Thomas Benjamin Kennington

British, b.1856, d.1916

Relaxation

  • Robert Bell Bequest, 1943
  • Oil on canvas
  • 1068 x 1525mm
  • 69/377
  • 1908

Thomas Benjamin Kennington’s focus as an artist was in the sympathetic depiction of the everyday reality of the poor and working classes. Born in Great Grimsby, a seaport town in England’s northeast, he studied art in Liverpool, London and Paris, and from 1880 exhibited annually at the Royal Academy, where this naturalistic workroom scene was shown in 1908.

Relaxation was exhibited at the 1911 International Exposition of Art in Rome and at the 1913 New Zealand Academy of Fine Arts exhibiton in Wellington. By 1920 it was in the hands of newspaper proprietor Robert Bell. Bell was president of the Canterbury Society of Arts from 1925–26, and bequeathed ten paintings to the gallery. (Treasury: A Generous Legacy, 18 December 2015 – 27 November 2016)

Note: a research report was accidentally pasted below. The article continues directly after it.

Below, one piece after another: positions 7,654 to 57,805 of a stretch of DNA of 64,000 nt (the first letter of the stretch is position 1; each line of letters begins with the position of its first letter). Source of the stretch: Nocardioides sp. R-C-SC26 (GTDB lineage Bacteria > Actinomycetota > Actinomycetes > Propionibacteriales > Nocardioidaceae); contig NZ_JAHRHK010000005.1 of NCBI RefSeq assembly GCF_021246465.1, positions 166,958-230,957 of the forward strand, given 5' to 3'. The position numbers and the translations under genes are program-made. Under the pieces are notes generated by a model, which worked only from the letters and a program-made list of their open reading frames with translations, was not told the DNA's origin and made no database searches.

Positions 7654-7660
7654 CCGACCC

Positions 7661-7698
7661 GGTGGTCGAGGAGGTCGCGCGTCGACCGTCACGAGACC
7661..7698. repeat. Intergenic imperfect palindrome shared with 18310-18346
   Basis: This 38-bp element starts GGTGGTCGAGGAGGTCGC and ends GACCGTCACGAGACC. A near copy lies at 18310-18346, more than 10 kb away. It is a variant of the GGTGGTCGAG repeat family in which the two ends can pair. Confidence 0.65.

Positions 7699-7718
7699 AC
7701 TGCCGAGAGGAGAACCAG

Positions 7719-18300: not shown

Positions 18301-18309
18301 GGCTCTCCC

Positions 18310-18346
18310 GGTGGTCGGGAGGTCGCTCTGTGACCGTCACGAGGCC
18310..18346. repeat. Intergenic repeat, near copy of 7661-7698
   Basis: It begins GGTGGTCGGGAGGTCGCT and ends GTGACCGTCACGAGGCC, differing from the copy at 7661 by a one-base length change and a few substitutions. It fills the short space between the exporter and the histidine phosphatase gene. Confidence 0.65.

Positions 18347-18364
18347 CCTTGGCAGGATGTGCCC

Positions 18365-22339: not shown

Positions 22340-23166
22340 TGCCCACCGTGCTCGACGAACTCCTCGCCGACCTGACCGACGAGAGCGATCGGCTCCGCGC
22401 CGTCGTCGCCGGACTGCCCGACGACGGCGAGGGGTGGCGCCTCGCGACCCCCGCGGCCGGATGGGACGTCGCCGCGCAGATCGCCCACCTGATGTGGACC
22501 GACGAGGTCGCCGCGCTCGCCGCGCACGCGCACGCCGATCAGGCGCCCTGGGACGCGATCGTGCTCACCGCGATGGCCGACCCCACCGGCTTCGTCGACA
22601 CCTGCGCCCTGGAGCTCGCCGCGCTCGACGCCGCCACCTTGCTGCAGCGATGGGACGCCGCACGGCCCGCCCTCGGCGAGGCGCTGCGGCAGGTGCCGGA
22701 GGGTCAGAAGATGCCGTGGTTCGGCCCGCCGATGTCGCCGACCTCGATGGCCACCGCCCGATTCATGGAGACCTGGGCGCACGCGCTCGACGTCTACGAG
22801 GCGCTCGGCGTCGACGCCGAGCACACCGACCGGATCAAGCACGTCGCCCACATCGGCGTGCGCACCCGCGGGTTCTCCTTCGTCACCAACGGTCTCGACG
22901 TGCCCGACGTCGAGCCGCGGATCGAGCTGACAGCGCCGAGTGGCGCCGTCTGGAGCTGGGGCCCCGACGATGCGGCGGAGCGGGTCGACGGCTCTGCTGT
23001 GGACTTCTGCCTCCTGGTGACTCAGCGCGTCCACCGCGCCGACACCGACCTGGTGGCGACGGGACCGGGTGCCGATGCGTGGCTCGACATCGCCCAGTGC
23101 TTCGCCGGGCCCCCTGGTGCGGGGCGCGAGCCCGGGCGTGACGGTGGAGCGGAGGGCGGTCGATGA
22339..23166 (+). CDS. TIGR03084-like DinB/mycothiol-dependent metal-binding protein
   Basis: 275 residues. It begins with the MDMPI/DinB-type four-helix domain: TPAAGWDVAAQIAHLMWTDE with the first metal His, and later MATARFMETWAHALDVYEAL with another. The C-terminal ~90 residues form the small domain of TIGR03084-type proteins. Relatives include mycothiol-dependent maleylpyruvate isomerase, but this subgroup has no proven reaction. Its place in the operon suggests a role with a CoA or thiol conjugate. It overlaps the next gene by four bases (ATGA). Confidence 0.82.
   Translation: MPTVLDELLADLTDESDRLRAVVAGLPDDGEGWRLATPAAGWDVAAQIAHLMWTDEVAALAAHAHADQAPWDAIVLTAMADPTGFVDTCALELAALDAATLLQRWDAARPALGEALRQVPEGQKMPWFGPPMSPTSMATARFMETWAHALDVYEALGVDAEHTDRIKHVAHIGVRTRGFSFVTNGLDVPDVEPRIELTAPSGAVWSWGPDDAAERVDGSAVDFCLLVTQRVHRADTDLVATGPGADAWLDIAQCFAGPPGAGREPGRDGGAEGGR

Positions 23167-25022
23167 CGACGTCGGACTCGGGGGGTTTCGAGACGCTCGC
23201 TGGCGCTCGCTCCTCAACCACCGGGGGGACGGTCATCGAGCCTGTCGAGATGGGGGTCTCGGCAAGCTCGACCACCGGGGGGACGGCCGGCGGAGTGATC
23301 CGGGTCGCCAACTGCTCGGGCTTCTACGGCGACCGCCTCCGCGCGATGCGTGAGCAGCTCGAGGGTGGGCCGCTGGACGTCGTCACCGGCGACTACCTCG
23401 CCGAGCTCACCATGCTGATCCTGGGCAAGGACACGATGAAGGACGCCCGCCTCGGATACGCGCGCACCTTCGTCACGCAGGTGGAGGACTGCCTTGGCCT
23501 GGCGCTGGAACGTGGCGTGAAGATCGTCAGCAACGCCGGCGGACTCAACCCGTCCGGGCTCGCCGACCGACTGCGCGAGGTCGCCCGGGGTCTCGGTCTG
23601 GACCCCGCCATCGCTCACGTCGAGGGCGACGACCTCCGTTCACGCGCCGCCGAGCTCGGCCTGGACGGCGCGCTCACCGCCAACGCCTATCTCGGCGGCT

earlier labels about this work
  • Women working with fabric and thread have long been a subject for art and here Thomas Kennington is featuring what looks to be a group of milliners in their workroom. Many of Kennington's works were concerned with the daily life and social activities of the middle and upper classes. Without spoiling the realism, in Relaxation he has carefully placed the figures to take the eye naturally across the composition to contribute to its sense of unity. This work was exhibited at the Royal Academy and reproduced in Royal Academy Pictures in 1908. Kennington was born in Great Grimsby, a fishing port on the north east coast of England. During the 1870s he studied at the Liverpool School of Art and the Royal College of Art, where he was awarded a gold medal, and the Académie Julian in Paris. Kennington was a member of the Society of British Artists and the Royal Institute of Painters in Oil. He exhibited at the Royal Academy for 36 years, from 1880 to his death. (Label date unknown)